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Tuesday, September 10, 2019

Microstory 1187: Joanna Zegers

Joanna Zegers wasn’t the only person who could be invisible, but she was the only one who couldn’t turn visible. She was a normal baby at birth. Her parents took fine care of her, and had no reason to believe something was wrong. When she was six years old, she thought her family was playing a trick on her when they started acting like they couldn’t find her. She kept hopping around and laughing, trying to get them to see her, but they couldn’t. They, in fact, thought someone was playing a cruel trick on them, and had perhaps hidden little speakers around their house. They could hear Joanna’s voice, but not see her. She never got over this affliction. In this universe, invisibility did not bend light, or form illusions. All it did was take take a snapshot of a region of space, at some point in time, then overlay that in front of what people should be seeing when Joanna was standing there. To explain another way, even when an individual is standing in front of a box of tissues, that box still exists. It doesn’t get removed from reality just because no one is observing it. What Joanna’s power—if you could rightly call it that—did was show what the table and tissue box would look like if she weren’t blocking its view. The Zegers didn’t know what they were going to do with her. The library didn’t have any answers for them. There were no publicly-known cases of something like this having happened. They couldn’t send her to school in this condition. They couldn’t even take her to any medical professionals. Doctor-patient confidentiality might not have extended to a transdimensional alien robot from the future, or whatever she was. Instead, they kept her home, claiming to neighbors that she contracted a disease that prevented her from being able to go out in the sun. It wasn’t entirely untrue anyway. Then the world changed, and they gained access to a whole new resource.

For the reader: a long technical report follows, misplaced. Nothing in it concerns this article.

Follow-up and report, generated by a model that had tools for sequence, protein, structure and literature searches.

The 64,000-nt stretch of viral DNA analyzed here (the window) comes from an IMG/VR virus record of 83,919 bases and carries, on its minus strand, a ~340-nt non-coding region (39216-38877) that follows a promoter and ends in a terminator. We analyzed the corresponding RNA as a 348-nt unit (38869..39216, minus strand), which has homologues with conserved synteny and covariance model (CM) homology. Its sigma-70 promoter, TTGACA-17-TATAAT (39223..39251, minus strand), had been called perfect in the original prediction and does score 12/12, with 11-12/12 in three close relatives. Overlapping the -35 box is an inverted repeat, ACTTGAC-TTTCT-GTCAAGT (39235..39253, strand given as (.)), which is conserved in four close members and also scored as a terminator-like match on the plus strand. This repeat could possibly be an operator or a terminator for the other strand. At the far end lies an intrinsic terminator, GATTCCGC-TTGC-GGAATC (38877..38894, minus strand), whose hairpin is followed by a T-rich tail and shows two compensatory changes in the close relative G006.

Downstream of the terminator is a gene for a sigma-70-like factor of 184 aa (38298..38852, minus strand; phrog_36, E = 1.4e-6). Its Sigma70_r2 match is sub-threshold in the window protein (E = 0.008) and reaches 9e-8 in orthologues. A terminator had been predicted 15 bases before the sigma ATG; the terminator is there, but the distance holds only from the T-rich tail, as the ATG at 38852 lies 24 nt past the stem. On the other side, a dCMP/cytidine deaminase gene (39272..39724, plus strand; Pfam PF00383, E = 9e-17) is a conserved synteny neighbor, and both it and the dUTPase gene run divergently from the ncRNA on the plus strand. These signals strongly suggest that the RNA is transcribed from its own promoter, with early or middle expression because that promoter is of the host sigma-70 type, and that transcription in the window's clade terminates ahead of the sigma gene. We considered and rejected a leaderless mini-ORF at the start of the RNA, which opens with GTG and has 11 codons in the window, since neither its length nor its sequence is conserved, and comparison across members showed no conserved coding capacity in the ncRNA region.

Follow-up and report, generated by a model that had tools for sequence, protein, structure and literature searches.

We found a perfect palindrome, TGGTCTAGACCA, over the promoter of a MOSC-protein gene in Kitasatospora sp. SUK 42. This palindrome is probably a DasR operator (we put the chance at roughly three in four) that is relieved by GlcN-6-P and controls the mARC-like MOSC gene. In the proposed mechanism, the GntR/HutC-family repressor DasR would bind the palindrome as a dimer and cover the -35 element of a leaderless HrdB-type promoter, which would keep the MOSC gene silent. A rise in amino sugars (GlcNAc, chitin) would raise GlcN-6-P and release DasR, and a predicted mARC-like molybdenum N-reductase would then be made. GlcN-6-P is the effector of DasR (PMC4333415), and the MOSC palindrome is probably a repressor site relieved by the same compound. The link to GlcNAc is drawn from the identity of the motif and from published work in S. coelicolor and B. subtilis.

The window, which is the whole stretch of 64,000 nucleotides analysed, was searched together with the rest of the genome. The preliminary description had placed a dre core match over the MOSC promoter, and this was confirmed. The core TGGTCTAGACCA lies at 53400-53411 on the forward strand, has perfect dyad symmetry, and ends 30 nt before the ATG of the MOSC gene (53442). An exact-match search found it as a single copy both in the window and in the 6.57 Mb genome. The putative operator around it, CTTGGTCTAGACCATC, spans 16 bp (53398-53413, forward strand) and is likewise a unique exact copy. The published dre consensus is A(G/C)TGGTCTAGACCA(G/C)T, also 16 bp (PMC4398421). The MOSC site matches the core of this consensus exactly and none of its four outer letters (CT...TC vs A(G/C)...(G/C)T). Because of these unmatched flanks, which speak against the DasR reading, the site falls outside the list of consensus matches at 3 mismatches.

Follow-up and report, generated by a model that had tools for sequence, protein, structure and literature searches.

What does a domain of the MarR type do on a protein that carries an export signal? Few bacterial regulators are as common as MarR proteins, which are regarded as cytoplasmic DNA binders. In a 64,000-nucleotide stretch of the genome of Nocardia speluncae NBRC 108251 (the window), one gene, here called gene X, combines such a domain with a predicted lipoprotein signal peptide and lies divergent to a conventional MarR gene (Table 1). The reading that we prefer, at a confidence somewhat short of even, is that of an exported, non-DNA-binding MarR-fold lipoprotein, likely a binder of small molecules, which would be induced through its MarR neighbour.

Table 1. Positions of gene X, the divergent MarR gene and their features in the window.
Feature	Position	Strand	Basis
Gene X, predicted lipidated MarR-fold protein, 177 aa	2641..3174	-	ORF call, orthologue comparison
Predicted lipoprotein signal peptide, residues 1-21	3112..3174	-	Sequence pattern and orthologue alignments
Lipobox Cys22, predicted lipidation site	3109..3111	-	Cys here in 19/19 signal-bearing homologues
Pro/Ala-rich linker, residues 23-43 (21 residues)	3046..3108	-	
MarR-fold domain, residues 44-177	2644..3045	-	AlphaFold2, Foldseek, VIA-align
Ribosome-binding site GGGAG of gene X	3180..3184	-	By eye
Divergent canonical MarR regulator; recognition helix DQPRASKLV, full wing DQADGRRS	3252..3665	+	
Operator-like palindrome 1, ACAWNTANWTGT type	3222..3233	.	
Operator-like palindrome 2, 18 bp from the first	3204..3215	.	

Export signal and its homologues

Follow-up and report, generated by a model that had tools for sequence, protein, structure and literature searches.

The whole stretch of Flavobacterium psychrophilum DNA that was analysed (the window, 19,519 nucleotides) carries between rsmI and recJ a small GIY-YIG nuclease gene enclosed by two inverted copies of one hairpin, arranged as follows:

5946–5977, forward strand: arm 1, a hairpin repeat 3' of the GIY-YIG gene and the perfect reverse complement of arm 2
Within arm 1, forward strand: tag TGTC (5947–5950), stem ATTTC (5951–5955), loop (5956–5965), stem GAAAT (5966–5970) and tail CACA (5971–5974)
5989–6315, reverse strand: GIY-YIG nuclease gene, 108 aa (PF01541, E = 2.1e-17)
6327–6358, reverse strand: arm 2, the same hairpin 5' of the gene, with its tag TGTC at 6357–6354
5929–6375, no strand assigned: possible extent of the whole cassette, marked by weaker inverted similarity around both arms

Somebody invented this technology called the world wide web, which allowed them to seek information from all over the globe; as far as they knew, anonymously. Most of the info out there was garbage. People thought they were just making up an unoriginal story. Others played along, just to troll them. There was one man, however, who knew what they were talking about. The leader of an intelligence cooperative named Demcov Sands reached out, and made every effort to prove that he was legit. He said that he could help Joanna understand what she was, and lead a healthy life. He couldn’t promise he could figure out how to make her visible again, but he would help in anyway possible. There were no other people in the Interagency Alliance Commission who had time powers, but Sands had knowledge of the future, and knew it one day would. He took Joanna in, and helped her continue her studies in a safe environment, surrounded by people who specialized in keeping secrets. Her parents were worried about letting their daughter live at a spy agency headquarters, but Sands promised them she would never be in danger, and that he was not intending to groom her for spycraft. It was the best place for her to be at the time, but once she grew up, she could decide what she wanted to do with her life, just like everyone else. True to this promise, the IAC taught her everything she would have learned at a normal school. She didn’t want to become a spy; a decision everyone knew she would make. She did want to help, however, so Sands started teaching her about the world of salmon and choosers. He introduced her to some friends, and made the entirety of time and space available to her desires. She chose to move to the future, where she worked as Head of Security at Beaver Haven Rehabilitation Center. She became responsible for the daily ongoing safety or hundreds of prisoners from all over spacetime, and those whose lives they would threaten.

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